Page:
A Flea Market-ing First

A few weeks ago, I trekked out with a handful of cash, a bottle of water, and some sunscreen (which turned out to be a great recommendation after reading a few Yelp reviews) and headed out to the monthly Rose Bowl Flea Market.  This was my first forray in to the world of flea marketing and I really enjoyed browsing all the home goods; there were such great finds that would really turn a neutral space in to something unique and add loads of character.  Another fact I learned: I will never be able to buy used clothing.

The flea market is a great resource for all things vintage in LA and you’ll find all walks of life here from your average garage sale shopper to legit designers looking for those authentic pieces.  I even saw a favorite HGTV star, Carter Oosterhouse, shopping for pillows with his wife.

My first task once I arrived was making the long hike from the parking lot in to the stadium as I was not looking to spend $20 for the premium parking for just a few hours of browsing.  I definitely got my work out that day.


(This was taken 3/4 of the way in to the stadium)

After paying the entrance fee ($8 during normal hours, a bit more for the early bird special prior to 9am), I headed to the right through the vendors that surrounded the circumference of the stadium.  Here I discovered that apparently not only do they allow vintage and antique dealers as well as all sorts of artisans selling new, one of a kind pieces.  And maybe some not so unique goods too:


HGTV even had a stand, handing out branded tote bags filled with the most recent edition of HGTV magazine.  The people working the booth were also encouraging passersby to stick around for demonstrations on DIY gardening.

I continued my way around the bowl and once I reached the backside was when I hit the real vintage goods.  Some of it was junk, some targeted collectors, and others had great one-of-a-kind items.  And there was mid-century modern until your heart’s content.

The trick with the Rose Bowl is that you have to be very careful about pricing.  Turns out, those fancy interior designers and hipsters from Silver Lake are all willing to pay a pretty penny for a nice piece of furniture with clean lines and the sellers have definitely caught on.  So do your homework before you go if you have an idea of what you’re shopping for, know how much you are reasonably willing to spend, and NEGOTIATE.  The worst the seller can do is say No.  Or they can meet you in the middle and you walk away with a great piece of furniture.

This trip’s purpose was mainly just to educate myself on what the market had to offer as well as do a little recon work for future projects.  But I did want to share the highlights of some of the great pieces I came across:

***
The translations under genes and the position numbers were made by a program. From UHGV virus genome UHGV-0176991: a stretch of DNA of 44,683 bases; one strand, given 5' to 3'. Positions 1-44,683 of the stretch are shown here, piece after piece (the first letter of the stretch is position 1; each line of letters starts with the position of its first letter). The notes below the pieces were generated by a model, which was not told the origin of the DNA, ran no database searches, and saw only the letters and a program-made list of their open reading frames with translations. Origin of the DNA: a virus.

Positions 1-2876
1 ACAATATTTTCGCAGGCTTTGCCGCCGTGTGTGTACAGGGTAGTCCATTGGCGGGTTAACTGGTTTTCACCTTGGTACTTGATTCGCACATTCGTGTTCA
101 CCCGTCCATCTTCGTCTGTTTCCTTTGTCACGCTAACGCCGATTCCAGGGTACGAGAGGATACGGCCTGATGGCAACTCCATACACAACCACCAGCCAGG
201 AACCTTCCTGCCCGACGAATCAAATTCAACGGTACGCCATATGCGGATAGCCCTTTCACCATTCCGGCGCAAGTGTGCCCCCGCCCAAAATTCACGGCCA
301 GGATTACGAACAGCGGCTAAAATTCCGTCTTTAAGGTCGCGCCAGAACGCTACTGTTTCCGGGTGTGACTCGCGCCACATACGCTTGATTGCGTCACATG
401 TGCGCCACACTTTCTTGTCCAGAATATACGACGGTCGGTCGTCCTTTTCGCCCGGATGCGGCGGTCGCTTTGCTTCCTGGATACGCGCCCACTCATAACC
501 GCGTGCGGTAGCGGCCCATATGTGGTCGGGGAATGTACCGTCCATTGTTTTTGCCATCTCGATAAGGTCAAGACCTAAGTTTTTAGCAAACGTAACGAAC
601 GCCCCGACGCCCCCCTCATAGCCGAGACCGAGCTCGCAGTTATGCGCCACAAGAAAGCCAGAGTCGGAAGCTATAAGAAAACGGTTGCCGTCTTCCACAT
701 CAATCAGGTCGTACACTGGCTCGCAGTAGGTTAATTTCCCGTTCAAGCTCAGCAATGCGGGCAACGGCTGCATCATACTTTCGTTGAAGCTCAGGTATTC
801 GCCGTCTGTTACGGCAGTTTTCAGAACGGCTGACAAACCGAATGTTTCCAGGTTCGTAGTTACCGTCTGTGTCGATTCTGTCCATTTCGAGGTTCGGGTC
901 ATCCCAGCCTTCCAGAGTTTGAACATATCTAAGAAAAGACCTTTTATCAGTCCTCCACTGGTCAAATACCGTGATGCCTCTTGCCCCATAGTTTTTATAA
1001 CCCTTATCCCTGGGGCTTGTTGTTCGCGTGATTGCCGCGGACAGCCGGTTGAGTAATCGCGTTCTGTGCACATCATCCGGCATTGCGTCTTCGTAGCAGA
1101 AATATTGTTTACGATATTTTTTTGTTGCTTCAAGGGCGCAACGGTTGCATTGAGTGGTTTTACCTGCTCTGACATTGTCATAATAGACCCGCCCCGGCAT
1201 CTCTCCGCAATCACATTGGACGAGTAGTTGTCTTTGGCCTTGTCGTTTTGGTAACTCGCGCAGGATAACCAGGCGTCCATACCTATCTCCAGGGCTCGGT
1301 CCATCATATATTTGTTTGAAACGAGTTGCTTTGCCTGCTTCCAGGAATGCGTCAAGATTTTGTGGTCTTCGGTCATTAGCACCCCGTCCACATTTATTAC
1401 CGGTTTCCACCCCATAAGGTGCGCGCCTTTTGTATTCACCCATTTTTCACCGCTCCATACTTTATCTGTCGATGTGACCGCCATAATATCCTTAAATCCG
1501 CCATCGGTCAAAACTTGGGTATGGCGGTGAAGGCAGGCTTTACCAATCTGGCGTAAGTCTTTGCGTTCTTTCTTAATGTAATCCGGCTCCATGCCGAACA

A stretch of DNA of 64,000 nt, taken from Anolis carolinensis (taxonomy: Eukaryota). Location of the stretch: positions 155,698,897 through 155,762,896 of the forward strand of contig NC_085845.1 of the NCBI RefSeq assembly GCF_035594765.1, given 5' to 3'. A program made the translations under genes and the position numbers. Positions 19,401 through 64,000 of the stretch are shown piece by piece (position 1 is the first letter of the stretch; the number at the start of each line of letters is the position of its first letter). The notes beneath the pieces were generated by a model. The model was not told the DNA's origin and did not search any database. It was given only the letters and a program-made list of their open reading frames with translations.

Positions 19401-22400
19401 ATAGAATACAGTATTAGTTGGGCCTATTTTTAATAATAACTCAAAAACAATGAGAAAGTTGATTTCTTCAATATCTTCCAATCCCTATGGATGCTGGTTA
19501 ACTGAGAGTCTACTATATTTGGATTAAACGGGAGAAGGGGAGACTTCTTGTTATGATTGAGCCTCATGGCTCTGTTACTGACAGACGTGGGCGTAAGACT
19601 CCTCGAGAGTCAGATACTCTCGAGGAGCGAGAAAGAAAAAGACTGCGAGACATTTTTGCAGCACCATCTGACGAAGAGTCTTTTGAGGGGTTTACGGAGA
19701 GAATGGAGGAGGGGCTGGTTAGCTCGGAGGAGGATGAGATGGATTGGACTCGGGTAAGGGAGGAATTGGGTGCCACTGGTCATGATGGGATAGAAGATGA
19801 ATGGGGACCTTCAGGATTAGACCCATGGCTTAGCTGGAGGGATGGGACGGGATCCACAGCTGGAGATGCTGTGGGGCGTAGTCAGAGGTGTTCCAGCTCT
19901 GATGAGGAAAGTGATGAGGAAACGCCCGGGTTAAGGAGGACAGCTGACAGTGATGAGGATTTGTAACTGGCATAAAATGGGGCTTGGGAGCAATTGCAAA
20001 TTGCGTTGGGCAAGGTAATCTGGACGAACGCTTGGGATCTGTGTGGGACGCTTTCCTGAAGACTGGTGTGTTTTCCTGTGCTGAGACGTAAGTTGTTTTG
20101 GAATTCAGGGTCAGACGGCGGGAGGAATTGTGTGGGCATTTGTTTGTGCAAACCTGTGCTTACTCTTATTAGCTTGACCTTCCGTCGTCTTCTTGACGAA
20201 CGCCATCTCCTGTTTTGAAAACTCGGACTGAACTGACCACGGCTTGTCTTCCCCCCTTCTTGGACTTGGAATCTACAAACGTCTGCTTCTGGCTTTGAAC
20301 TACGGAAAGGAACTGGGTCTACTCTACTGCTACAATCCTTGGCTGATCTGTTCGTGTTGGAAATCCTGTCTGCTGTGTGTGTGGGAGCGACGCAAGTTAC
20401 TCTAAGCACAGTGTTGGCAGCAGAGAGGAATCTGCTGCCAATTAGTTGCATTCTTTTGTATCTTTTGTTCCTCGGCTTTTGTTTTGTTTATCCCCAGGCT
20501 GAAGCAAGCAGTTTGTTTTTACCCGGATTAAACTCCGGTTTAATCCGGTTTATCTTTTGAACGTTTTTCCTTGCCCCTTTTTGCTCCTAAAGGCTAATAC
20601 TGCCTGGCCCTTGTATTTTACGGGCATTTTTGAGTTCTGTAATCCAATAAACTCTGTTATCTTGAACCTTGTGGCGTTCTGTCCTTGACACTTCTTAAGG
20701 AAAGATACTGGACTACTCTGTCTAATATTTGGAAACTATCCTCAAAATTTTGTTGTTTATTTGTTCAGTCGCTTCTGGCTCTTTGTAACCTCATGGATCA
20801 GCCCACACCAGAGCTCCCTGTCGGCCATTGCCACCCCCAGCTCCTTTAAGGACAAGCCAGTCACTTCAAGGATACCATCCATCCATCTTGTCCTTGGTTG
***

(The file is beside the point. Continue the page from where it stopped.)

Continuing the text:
• Mid-Century Modern as far as the eye can see:





  • Some great newly made industrial pieces sourced from reclaimed wood.  I’m loving the bookshelf in particular:




  • I came across these guys and immediately thought about them as a gift for my mom, who’s looking to finish off their guest room with a slightly nautical and beachy vibe:


  • What glorified garage sale wouldn’t be complete without a little weird?  I had no idea Trolls were still such a hot commodity!



  • And now for the BEST: the truly vintage pieces including an old trunk and some French berry buckets that were supposedly over a 100 years old:





Wouldn’t this be the perfect wine rack?!


If I had the money, this beauty would have come home with me.  It was a classic piece constructed with old-school dovetail joints.  Switch out the knobs for some vintage glass ones and it would have a permanent place in my bedroom.


One of these bad boys should have been my first purchase.  They would be great to corral our bottles of liquor on the bar/island and the red labels would have tied together our dining and living areas.  I will definitely be back for one of these on a future trip to market.


The antique costume jewelry was stunning.  It would be the perfect place for a bride to find her something old.

  • The vintage glass and dishware was incredible.  I now know where Don Draper’s bar cart is stocked from:






Still wishing I would have brought this simple dish home with me. Would have been perfect on top of my dresser for perfume bottles.


This dish was huge.  At least 20″ across.  It would be beautiful on a dark wood dining table.

I was surprised to only found one stand with old letterpress pieces.


Luckily, it was the perfect first-time find to take home with me.  After much searching, I found the last ampersand and paired it with an M and a G.  I think it is a great addition to my desk space:


All in all, it was a great first trip to the Rose Bowl.  I’m really looking forward to heading there in a few weeks to see what else I can find!


Mid-Century Storage

Today’s reader Q & A comes from another college friend, Christy (Carnegie Mellon represent!). She, her husband Chris and their adorable daughter Hazel just moved cross-country from a condo in the heart of Chicago to an incredible tree-lined property, complete with horse barn, in Seattle.  But between two grown adults that work from home, a baby on the verge of walking and a menagerie of pets, they are in desperate need of storage until they have the opportunity to start the large renovation they’ve been planning.

As a result, they’re not looking to spend a lot as most of these solutions will be temporary. But, as both Christy and Chris are both very design-minded and crazy artistic, I’ve been charged with the  request that my solutions “can’t look ugly” and in terms of style, Christy said “I hate that country shit.”  She is also definitely not a fan of wicker (so there goes most of my basket ideas).

Here’s a little bit more about Christy’s design storage dilemma, in her own words:

OK, so here’s the deal:

We are completely overhauling this house within the next year (gut remodel), so I have been hesitant to fully “move in” and make my space just so. However, I have recently come to the realization that with all the other stress in my life, at the very least, I need my most-lived-in space to be a lot more livable in order to maintain a peaceful state of mind. (aka: SANITY)